That is the most polite way that question will be asked. Others will be much less circumspect. Unfortunately for all involved, one PR error will cast a shadow of doubt over an entire series that, otherwise, provides an interesting and entertaining view into American lives and history.
June 23, 2015
The 2015 U.S. Open is bringing new surprises that golf has yet to see. The question is, can these new approaches to golf tournaments turn around the PR for this sport? It’s worth noting that the players and the premises for golf are not as thrilling as we remember when seeing Tiger Woods move up the ranks.
There may be a lack of exciting prospects to follow for the current generation. We are surely not hearing great golf stories flood the news arena. American pro golfing is now hoping to renew interest in golf with a spectacular course no professional has yet known.
This will be a U.S. Open challenge: the first of its kind. The course is, “. …not a golf course,” according to many professional golfers, however. It does, nonetheless, have challenges that could renew interest in the golf pastime when players are forced to bring their A game to make a measly par. This course choice is about making spectacular things happen as men compete on the fairways. Spectacular action is the only way to win this course and not leave the tournament beaten by the earth.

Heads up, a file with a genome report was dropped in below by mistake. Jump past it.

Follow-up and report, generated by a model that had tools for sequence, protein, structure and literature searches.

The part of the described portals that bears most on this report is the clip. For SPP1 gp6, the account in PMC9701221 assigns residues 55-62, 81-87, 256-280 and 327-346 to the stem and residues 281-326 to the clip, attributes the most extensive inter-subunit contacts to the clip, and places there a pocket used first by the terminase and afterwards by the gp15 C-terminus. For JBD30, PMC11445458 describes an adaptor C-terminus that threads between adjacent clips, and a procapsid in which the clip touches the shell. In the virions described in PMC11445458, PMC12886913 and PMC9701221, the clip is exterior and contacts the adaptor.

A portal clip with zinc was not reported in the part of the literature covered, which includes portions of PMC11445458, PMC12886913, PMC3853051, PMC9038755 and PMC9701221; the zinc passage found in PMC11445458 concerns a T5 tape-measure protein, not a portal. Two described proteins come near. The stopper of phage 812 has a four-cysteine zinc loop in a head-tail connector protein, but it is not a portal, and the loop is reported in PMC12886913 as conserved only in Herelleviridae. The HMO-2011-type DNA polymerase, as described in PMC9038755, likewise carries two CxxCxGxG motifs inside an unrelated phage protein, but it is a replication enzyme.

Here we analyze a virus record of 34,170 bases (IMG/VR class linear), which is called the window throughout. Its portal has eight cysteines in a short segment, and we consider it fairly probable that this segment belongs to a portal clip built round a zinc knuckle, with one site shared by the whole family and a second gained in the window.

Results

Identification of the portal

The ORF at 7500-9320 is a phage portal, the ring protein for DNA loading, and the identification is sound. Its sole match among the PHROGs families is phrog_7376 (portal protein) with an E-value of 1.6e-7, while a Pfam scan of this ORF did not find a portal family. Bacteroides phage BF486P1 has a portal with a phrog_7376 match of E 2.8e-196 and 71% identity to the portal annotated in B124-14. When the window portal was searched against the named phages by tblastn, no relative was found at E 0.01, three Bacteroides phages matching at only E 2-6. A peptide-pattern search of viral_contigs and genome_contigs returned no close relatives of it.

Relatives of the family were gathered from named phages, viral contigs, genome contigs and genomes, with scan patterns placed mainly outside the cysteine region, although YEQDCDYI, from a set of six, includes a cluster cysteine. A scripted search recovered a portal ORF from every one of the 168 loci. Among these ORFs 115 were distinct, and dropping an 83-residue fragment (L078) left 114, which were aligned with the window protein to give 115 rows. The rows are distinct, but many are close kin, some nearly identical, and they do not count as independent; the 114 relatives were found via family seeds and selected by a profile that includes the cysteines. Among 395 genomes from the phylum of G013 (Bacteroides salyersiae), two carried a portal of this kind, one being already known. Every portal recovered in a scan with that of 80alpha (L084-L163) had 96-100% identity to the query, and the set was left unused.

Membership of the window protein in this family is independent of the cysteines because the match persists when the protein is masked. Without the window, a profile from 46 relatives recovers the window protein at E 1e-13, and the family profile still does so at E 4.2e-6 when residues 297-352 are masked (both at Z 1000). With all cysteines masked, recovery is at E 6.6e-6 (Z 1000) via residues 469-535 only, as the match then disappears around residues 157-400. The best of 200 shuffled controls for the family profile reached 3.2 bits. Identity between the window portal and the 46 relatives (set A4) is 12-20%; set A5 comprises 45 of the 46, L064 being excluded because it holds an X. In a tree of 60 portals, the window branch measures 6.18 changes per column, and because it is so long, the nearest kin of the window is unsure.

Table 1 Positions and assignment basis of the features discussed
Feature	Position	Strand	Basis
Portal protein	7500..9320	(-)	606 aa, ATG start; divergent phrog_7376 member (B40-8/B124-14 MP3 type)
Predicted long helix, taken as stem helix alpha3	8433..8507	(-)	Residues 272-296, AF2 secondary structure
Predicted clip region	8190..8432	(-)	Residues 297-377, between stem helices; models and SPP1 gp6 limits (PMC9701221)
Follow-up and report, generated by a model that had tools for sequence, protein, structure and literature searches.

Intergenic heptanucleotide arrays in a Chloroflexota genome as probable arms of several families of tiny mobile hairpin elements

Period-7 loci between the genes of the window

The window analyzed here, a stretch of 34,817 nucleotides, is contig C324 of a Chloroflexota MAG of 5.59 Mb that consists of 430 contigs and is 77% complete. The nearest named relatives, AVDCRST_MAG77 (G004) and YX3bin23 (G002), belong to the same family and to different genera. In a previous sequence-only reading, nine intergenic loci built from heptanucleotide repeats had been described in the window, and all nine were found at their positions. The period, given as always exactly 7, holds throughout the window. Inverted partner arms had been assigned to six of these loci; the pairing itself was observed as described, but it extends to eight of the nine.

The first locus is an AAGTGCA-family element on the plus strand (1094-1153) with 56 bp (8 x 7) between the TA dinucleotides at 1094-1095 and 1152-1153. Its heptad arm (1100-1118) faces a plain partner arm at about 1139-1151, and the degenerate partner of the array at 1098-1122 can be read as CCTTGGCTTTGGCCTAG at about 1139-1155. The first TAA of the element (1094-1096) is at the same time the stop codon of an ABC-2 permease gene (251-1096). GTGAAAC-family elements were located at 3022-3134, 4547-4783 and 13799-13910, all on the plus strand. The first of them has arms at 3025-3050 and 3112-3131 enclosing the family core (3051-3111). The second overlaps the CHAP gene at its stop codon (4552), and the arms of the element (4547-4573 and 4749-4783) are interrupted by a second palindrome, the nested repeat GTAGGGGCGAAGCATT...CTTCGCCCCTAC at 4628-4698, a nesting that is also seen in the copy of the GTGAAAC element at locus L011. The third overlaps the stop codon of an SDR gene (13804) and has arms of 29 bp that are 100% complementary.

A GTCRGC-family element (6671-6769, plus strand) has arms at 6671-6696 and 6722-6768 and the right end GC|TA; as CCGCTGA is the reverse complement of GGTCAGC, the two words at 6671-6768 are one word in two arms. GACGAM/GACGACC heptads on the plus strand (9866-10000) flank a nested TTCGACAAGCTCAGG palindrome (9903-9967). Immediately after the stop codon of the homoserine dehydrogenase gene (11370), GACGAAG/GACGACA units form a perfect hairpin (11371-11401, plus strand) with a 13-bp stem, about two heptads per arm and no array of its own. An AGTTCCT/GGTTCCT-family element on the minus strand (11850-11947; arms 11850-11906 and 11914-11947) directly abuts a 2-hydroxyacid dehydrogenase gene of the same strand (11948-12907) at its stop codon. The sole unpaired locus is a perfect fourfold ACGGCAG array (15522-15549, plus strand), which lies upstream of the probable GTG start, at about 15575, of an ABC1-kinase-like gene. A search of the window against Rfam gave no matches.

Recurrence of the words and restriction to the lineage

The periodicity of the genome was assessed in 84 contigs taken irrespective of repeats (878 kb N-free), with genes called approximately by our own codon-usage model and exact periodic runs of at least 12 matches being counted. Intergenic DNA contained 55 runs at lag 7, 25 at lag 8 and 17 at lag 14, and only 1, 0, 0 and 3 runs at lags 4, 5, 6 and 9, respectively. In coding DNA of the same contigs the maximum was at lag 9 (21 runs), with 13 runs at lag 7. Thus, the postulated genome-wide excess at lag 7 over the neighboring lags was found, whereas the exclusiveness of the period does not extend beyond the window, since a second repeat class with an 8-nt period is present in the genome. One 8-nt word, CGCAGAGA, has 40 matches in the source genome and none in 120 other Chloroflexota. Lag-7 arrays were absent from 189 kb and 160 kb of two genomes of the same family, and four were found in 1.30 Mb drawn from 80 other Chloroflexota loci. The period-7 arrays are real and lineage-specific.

These are standing moments in golf history that will pave the direction this sport is bound to take. Where within public sentiment will that be? The world may never know. What we can see is that big moves are being made to give golf what it has never had with a U.S. Open, and many of the players involved are not too thrilled about the prospect.
The Chambers Bay course for the 2015 U.S. Open spreads out with numerous elevation changes, extremely dry grasses, fescue as the primary grass and ripples in the fairways that make golf balls shoot in every other direction than intended. Some sand bunkers are so deep they need stairwells for entrance and exit.
This will be a sight to see for sure. At this moment, the 2015 U.S. Open is to be held in Chambers Bay, Washington state. The course is situated south of Puget Sound and west of Tacoma. This tournament will bring many “first-time” situations for the U.S. Open and golf in America. The year 2015 will hold the first ever Open to be located in the Pacific Northwest.